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I’ve been doing thorough research on great ramen shops prior to landing in Tokyo. Menya Musashi was on my list and I came here right after I checked into my Shinjuku hotel. WOW!! That’s all I kept saying throughout my meal. I slurping my ramen and eating ravenously, while uttering the same word over and over again – “WOW!!”The noodles were thick and perfectly cooked, the broth was amazing, and after trying out about 10 or so ramen places in Japan.
True to its name, the soup is a deep dark color and has all of the flavors you would expect from a Japanese-style curry, without the gravy-like thickness.The ramen includes a slice of succulent pork, spinach stalks (at least they tasted like it), and some cabbage and corn drizzled with basalmic vinegar. The basalmic vinegar might sound a little odd, but I thought it tasted good with the vegetables and chicken, and went well with the flavor of the curry soup. It seems that no bowl of ramen in Japan would be complete with a poached egg, which beautifully contrasts with the dark colors in this bowl ramen.
One of the first things that stand out about the special ramen is the soup — unlike the usual white tonkotsu (pork bone) stock, this version is a brownish combination of miso and tonkotsu that was very delicious. It also includes seasoned ground pork and fresh cabbage topped with a red spicy sauce, to go along with two pieces of roast pork and black garlic oil.Furthermore, Ippudo uses a thicker, softer, and curlier egg noodle than the white, thin and straight kind that normally goes into their and other Hakata-style tonkotsu ramen. I liked how well the thicker ramen noodle soaked up the soup. However, when you ask for kaedama (extra noodles), they give you the normal thin noodle with pad of butter on top. A little odd, but I still enjoyed trying both kinds with the soup (the thicker ones go better, though)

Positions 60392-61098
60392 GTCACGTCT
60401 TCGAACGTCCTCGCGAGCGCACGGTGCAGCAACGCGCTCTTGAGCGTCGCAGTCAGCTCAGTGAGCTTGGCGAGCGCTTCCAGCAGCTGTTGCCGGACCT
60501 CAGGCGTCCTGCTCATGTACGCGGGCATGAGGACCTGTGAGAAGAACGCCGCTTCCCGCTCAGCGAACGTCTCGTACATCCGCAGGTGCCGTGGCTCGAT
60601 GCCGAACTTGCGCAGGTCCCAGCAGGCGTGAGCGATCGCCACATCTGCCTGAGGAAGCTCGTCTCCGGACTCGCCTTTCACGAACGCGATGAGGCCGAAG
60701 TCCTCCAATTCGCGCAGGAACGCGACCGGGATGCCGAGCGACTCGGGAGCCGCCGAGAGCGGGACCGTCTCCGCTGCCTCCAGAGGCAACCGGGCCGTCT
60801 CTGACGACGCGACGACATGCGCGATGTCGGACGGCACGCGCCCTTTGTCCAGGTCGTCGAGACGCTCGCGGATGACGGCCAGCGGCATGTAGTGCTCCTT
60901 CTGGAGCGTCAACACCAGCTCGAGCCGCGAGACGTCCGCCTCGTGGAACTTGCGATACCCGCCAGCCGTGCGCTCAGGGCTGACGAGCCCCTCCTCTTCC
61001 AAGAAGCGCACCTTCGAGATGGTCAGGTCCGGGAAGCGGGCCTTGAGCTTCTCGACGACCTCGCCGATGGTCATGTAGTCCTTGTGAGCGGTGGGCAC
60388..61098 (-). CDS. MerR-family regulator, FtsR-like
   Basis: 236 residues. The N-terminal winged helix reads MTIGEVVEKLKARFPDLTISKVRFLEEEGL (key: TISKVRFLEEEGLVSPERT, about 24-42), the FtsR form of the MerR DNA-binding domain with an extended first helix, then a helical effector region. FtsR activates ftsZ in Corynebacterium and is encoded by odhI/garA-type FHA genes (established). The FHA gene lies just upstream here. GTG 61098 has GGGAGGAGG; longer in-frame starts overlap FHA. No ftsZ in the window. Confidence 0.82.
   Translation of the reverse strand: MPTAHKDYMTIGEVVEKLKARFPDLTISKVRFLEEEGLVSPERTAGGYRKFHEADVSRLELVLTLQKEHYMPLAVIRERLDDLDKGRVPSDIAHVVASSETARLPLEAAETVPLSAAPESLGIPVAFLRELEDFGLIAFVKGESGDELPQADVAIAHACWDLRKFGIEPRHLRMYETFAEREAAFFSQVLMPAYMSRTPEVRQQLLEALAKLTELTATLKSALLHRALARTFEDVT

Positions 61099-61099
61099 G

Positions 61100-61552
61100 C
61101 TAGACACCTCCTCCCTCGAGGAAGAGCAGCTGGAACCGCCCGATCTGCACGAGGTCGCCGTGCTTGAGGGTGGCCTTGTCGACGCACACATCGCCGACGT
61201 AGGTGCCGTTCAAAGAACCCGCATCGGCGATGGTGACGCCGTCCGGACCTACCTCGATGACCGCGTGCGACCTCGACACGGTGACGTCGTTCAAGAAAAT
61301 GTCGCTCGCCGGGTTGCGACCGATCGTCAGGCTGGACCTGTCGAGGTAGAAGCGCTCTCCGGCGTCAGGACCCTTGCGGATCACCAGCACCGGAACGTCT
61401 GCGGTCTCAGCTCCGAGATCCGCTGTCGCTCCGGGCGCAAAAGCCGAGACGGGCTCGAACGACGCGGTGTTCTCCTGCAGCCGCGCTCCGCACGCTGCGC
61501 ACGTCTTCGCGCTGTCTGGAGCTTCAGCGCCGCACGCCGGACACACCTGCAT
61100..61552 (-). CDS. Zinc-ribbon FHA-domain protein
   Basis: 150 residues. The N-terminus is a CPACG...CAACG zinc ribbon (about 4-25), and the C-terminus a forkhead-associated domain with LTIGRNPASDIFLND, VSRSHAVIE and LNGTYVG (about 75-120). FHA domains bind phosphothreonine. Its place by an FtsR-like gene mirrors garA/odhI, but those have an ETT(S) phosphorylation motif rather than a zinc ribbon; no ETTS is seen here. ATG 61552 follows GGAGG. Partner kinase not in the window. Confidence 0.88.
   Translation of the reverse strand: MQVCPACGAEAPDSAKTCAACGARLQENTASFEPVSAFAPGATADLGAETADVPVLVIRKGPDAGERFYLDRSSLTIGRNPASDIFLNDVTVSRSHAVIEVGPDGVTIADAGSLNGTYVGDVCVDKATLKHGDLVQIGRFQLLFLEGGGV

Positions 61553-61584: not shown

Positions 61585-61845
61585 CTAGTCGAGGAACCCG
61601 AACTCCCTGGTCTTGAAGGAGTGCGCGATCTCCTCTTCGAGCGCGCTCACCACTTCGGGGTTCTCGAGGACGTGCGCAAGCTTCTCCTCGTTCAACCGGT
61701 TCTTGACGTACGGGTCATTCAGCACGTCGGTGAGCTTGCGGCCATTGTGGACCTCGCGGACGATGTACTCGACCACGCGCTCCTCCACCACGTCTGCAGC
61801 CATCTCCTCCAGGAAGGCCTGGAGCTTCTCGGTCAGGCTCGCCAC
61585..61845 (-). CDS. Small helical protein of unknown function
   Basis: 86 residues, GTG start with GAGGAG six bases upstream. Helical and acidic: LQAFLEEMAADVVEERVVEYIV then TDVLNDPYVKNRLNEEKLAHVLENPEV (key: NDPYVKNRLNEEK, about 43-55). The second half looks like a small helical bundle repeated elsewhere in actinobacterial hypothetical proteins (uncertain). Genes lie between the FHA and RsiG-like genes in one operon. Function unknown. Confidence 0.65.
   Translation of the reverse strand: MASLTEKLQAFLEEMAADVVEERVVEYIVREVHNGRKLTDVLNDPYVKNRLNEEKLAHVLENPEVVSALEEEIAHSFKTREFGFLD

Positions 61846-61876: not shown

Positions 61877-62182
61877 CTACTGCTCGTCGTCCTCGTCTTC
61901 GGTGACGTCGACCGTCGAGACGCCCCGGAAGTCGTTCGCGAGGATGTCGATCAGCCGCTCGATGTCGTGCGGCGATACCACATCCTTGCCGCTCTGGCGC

By the way, if you happen to be interested in tsukemen (dipping noodles) and are unsure about how to eat it, Ippudo has posted an easy illustrated guide.
I didn’t know that a city can be drowned like this: completely submerged in a festive fog. The fog comes from the firecrackers; they cackle and boom every minute. The dogs have disappeared; they think perhaps that the end of the world has come. They must be in absolute despair and shock. Meanwhile, people celebrate; clad in their brightest clothes, they crowd at their gates and set off rockets of stars, fountains of light and rotating wheels of sparkles.